Laurie Stone reading prompts the ‘Berg community to feel

Muhlenberg's event with author Laurie Stone moves audience members.

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Hosted by the English department and creative writing program, award-winning writer Laurie Stone read and discussed some of her work, including unpublished pieces on Thursday, Apr. 7, in Moyer Hall’s Miller Forum. The event also included a book signing. 

“The reading was truly amazing,” Cristina Lewis ‘23 said. “Getting to see the vulnerability behind every piece she writes makes it that much better.” 

Stone first started with little snippets of her work, shared and published on social media sites like Facebook. She remarked that after being in isolation for so long, she wanted to find a writer community to ease her loneliness. 

“She’s admirable in how she’s always experimenting and growing with her writing, breaking down the standards of how to construct a story or connect ideas,” Maggie Guinman ‘25 said. 

“She’s admirable in how she’s always experimenting and growing with her writing, breaking down the standards of how to construct a story or connect ideas”

Stone is also a current visiting professor for a creative writing masterclass at the College. After she read each of three pieces, Stone would turn to her partner, Richard Toon, who would ask her discussion questions about her pieces.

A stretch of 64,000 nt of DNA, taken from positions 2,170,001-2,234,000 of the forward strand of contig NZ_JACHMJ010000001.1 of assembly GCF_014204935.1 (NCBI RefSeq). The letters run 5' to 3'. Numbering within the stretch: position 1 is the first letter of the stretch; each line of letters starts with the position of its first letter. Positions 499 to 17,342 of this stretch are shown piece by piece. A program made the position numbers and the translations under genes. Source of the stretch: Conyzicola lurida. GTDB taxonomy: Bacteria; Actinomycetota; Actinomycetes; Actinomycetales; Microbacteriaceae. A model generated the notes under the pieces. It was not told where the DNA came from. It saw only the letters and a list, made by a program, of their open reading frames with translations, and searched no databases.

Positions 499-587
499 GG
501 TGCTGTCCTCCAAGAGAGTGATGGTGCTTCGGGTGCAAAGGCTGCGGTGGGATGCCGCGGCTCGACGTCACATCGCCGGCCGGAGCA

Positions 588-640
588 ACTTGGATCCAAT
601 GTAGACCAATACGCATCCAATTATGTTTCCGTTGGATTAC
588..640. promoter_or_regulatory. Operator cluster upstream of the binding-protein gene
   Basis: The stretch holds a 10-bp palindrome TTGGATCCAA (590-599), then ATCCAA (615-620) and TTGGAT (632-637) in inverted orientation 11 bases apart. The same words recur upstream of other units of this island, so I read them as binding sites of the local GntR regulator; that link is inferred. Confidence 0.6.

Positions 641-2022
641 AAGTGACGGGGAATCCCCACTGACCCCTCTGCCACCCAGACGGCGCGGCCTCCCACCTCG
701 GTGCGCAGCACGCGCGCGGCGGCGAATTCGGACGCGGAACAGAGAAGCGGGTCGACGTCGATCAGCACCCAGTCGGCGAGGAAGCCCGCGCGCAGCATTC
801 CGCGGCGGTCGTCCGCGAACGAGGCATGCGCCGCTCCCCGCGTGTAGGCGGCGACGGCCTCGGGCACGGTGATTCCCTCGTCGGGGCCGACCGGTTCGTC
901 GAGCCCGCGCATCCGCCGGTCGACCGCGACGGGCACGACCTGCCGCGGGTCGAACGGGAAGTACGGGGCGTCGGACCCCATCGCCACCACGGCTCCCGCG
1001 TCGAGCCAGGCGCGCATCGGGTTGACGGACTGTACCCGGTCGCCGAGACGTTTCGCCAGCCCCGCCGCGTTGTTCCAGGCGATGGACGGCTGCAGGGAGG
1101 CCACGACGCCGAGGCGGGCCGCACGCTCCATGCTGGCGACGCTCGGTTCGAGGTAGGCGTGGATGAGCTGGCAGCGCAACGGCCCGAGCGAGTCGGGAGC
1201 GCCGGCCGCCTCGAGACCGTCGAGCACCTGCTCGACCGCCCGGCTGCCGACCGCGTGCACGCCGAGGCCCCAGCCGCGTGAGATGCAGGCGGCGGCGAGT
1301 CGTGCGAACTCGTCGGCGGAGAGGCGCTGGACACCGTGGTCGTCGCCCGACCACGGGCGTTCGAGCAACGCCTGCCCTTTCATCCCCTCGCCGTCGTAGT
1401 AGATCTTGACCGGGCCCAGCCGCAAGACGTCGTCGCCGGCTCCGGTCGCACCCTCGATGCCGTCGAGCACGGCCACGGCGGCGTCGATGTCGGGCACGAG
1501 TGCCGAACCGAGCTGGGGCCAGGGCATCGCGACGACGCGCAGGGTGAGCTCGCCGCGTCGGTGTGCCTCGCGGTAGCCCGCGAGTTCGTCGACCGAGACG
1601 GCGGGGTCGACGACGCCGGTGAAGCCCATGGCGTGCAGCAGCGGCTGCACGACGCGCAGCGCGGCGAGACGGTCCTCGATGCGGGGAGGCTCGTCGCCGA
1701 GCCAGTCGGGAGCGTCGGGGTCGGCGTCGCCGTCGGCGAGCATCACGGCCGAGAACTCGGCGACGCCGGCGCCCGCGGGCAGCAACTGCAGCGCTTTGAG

“It was a good setup, but I thought the chairs could be further spaced apart because of the new mask mandate,” Link Shuster ‘24 said. The event occurred two days after the College announced the return back to Yellow Phase masking. 

However, the event had a huge emphasis on vulnerability and being able to make someone feel through writing. “Hearing such an intimate side from her as an experienced artist was inspiring and comforting to hear, especially to upcoming writers in the audience,” Guinman said.

“I specifically remember there was a moment where she began to choke up about a part of her life,” Tom Hiller ‘23 said. “It was extremely accepting and vulnerable and I think that’s what writers should do—they should be able to express themselves.” 

“It was extremely accepting and vulnerable and I think that’s what writers should do—they should be able to express themselves.” 

“The writing is a performance,” Stone remarked at the event. It is one, according to her, that both entertains and demands the reader to feel. She used to be a theatre critic for The Nation, a writer for The Village Voice and a writer for the radio show “Fresh Air.” 

“There was so much hard-hitting stuff,” Milo Obrzut ‘25 said. From talking about her story of a young writer falling in love with a band member in London to her experience with sex, there was a very wide range of material that Stone shared. “Honestly, I thought that she was really cool,” Obrzut said. 

Stone has won multiple awards for her work, including the Nona Balakian prize from the National Book Critics Circle and several grants.

“I thought the event was really interesting, and I would love to hear more of her works.”  Shuster said.

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